“ Well I may disappoint you but I don’t share the common excitement about the speech by Greta Thunberg,” The President added “ No one has explained to Greta that the modern world is complex and different and…people in Africa or in many Asian countries want to live at the same living standard as in Sweden. But how to achieve that? Probably make them use solar energy. Has someone explained to her how much it costs?”
After TIME magazine announced Greta Thunberg as the ‘Person of the Year 2019’, US President Donald Trump in his own style gave his feedback
“So ridiculous. Greta must work on her Anger Management problem, then go to a good old fashioned movie with a friend! Chill Greta, Chill,”
Brazilian president Jair Bolsonaro compared Greta to “ pirralha”, a Portuguese word which loosely translates to “little brat” or “pest”.
Critics have blamed Greta Thunberg’s parents, opera singer Malena Ernman and actor Svante Thunberg, for exploiting her childhood for money and fame.
Then there are people who have criticized her for overreacting and exaggerating the facts. There are also objections to the fact that she has not done enough on the ground and her fame is overhyped.
Let Kids be Kids? or Let them Change the Planet?
Some might say let the kids be kids, they should not get into topics which they don’t understand, fair enough!! Most 10 to 15-year-olds will not understand the technicalities of Climate Change, but they definitely are aware of the plastic and litter which they see while playing on the beaches. They are equally conscious of the polluting vehicles and they definitely notice the extremities of the weather.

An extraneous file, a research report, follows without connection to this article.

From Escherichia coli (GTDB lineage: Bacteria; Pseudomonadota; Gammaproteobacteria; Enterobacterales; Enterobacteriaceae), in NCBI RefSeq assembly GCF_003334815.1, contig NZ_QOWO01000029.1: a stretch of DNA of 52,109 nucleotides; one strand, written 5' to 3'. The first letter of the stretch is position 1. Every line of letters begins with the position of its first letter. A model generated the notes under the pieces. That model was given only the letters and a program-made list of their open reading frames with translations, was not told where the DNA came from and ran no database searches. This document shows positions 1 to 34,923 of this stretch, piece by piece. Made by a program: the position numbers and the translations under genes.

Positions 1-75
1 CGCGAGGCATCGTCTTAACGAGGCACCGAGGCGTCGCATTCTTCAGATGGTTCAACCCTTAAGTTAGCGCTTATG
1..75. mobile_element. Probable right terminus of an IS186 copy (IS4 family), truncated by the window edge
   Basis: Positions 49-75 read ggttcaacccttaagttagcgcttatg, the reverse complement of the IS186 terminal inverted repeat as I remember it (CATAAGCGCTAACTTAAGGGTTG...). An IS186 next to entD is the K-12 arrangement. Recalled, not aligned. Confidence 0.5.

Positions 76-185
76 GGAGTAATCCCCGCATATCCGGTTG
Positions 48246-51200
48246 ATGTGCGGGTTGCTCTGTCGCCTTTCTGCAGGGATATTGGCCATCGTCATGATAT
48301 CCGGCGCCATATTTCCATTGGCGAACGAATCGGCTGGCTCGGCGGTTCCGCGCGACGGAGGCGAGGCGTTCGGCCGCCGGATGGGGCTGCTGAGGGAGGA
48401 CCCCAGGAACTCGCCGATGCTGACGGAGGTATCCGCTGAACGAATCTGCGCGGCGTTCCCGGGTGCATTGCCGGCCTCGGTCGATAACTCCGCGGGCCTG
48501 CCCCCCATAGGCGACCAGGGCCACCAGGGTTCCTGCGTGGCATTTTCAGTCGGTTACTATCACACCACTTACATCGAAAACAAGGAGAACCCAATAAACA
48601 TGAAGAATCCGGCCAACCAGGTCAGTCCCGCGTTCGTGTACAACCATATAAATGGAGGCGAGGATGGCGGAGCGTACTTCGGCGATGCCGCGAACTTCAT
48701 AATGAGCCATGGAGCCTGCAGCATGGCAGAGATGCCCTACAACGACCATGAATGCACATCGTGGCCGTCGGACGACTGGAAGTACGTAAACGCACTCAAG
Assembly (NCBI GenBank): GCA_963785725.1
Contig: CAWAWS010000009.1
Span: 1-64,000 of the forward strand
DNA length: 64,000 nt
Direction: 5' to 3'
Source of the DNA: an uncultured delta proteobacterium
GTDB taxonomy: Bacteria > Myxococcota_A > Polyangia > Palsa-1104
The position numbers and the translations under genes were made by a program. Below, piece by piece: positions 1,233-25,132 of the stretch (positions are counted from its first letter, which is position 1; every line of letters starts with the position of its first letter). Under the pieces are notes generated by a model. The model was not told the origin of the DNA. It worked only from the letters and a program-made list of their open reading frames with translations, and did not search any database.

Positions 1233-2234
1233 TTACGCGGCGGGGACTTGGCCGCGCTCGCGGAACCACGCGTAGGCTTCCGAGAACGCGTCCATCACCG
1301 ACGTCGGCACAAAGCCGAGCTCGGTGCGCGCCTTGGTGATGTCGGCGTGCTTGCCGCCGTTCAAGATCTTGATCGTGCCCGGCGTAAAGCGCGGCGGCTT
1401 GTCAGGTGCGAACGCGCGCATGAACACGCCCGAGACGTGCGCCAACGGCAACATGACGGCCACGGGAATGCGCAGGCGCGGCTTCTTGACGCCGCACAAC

If they see a problem, they also want to understand it and solve it in their own way.
Hence, it is not surprising to see youth activism seriously rising; many teenagers and young adults have taken to the streets and social media to voice their opinion. Kids from all over the world can be seen skipping schools to participate in the protest marches or express their anger on the inabilities of the political leadership.
Many of them have even started their own initiatives to tackle issues related to pollution and waste. We can find many kids volunteering for activities like tree plantations, beach cleanups, renovating litter spots, etc.
The doubters say that these teenagers do such activities more for Instagram clicks and social media posts but even if it so, what’s wrong? Will, we not appreciate more greenery, clean beaches, and litter-free surroundings?
We have ignored the problem of the climate crisis for far too long and it is now about acting on and solving the problem which will benefit future generations. Whether it is the kids, teenagers, or you and me — all of us need to work as a community for a common purpose. Age is just a number when it comes to dealing with climate change, all of us are responsible and need to take action.
“You have stolen my childhood with your empty words. You are failing us and young people are starting to understand your betrayal.”
- Thunberg had told the world leaders at the UN Summit.
Love her or hate her, she is making a point and so are thousands of other youngsters.
Originally published at https://changestarted.com on September 25, 2020.